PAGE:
On the surface at least, the state of U.S. employment in 2018 looks healthy with the addition of 313,000 new jobs in February, and is further boosted by the fact that it was the 89th consecutive month to exhibit employment gains .
But once you start digging deeper into the numbers, a whole different can of worms opens up: the HR industry fundamentally bases its talent recruitment operations on a set of flawed, inefficient processes.
The Sorry State of Modern Recruitment
Despite tremendous advances in technology, the average duration for hiring an employee in 2017 was 23.8 days, up from 22.9 days in 2014 .
It only gets worse from there. According to a CareerBuilder Survey, 66% of the workers express regret after eventually realizing that their job was a bad fit. Half of them ended up quitting after just 6 months .
75% of employers have been affected by bad hires which really hurts their bottom line. The average cost of making a single bad hire is $14,900 .
Three factors end up standing out when it comes to analyzing the reasons behind employers making a bad hire:
1. A candidate was lying about their credentials 33% of the time.
2. Difficulty in identifying the right candidate — 29%.
3. And recruiters lacking the right tools to contact a good candidate — 10%.
Even the ones enjoying the benefits of regular employment don’t seem too comfortable with their current roles as 81% of the respondents in Jobvite’s 2017 National Study admitted that they were open to new opportunities for a variety of reasons. In 2017, 50% of them even went ahead and attended an interview just to explore and keep their options open .
Recruiters are simply throwing good money after bad in a bid to find, hire, and replace personnel. Even the presence of several international job portals, spurred by self-proclaimed ‘Machine Learning’ and Artificial Intelligence’ technologies, hasn’t done much to improve the efficiency of the hiring process.
So is there a solution or a panacea for these troubling workforce developments?
A Fledgling Technology To The Rescue
The idea of Blockchain and digital currency has been around for a long time. But some of its related features like transparency, immutability, and smart contracts have been embraced very enthusiastically by the tech scene during the last few years.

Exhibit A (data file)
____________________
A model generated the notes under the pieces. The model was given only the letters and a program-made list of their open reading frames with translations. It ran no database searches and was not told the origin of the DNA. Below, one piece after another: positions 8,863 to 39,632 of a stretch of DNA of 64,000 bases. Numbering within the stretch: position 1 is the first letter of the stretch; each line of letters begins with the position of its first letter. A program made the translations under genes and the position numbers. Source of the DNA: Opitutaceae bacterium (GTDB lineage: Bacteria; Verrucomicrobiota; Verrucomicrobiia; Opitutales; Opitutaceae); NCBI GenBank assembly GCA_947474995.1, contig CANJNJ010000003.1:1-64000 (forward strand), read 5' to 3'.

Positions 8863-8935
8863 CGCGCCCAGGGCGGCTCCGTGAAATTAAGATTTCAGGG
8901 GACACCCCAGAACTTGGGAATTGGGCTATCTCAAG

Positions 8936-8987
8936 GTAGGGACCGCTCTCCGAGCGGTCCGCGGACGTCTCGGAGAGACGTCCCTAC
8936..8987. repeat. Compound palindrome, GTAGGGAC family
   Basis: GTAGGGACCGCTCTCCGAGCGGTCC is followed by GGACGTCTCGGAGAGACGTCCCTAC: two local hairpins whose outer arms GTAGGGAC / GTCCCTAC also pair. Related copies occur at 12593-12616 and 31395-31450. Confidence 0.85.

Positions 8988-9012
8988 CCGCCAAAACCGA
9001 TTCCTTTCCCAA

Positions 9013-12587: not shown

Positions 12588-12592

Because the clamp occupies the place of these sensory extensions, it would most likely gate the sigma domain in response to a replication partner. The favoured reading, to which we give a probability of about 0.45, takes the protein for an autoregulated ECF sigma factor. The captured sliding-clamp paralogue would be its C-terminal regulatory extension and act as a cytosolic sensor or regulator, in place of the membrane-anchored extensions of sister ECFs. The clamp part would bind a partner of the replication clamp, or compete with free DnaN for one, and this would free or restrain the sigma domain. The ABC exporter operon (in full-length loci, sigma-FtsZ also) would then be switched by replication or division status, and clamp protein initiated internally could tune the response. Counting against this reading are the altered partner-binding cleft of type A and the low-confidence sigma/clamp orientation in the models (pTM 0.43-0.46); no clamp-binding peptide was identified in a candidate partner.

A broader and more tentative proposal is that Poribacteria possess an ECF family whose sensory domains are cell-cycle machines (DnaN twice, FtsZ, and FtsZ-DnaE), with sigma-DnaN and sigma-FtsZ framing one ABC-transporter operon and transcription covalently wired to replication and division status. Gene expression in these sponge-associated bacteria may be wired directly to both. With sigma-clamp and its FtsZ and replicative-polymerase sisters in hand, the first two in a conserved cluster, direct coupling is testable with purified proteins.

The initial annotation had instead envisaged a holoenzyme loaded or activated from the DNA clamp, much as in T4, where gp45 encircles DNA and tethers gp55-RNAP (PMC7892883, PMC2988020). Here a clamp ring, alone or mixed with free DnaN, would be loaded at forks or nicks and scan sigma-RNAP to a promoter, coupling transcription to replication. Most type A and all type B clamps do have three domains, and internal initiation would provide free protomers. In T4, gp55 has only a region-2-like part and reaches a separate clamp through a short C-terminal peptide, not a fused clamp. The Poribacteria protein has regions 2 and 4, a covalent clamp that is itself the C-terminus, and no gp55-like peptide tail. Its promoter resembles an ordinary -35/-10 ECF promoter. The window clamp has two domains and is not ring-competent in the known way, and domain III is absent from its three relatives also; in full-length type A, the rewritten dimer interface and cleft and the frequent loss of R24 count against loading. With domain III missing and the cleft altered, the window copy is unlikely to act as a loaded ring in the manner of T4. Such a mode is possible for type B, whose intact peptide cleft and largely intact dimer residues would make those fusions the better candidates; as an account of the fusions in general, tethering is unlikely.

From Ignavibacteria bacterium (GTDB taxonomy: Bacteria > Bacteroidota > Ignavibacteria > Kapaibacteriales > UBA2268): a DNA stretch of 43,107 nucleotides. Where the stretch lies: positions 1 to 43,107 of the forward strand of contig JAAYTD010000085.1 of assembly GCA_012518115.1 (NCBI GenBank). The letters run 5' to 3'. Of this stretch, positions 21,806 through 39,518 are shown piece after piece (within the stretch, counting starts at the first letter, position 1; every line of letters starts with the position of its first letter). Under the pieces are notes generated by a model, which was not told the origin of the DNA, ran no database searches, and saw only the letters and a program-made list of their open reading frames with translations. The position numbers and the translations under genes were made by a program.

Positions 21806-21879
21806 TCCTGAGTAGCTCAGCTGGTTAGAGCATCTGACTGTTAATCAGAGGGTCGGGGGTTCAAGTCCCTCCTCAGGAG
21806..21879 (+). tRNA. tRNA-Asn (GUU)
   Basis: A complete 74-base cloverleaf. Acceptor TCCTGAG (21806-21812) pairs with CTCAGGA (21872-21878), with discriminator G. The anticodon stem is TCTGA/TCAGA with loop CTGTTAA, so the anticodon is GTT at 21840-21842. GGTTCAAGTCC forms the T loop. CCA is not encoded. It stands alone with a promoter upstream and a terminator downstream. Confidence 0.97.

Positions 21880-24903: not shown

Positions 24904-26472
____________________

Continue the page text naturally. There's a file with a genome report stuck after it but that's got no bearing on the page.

At its core, blockchain technology injects two vital characteristics into the hiring process: trust and access.
Currently, the responsibility to make sure that a candidate is who she/he claims to be, and is professionally qualified as stated in their resume, falls entirely on the recruiting company. Such a scenario does not inspire trust very easily for recruiters.
TrustLogics, powered by a private blockchain for storing data (Hyperledger) and a public blockchain (Ethereum), turns the tables by incentivizing and instilling an urge in job seekers to verify their own resumes and qualifications through certified background check services.
Due to the ubiquitous nature of centralized data and walled gardens, recruiters and job seekers are now faced with too many options, but too little access.
• Can job seekers share their digital portfolios from one job portal to another?
• Can recruiters avoid being inundated with improperly qualified candidates on job portals?
The answer to the above questions is no. But TrustLogics is poised to transform them into a resounding yes.
• TrustLogics allows digital portfolios of job seekers to be shared externally so that even non-members can view them.
• TrustLogics allows recruiters to skip the verification stage and directly jump into the suitability of a candidate’s cultural fit, goals, etc., thanks to a smart contract-powered background verification system.
The decentralized, immutable platform being developed by TrustLogics will revolutionize the global hiring process by introducing greater transparency, providing complete user control over private data, and by re-assigning the responsibility to verify a job seeker’s professional and personal qualifications.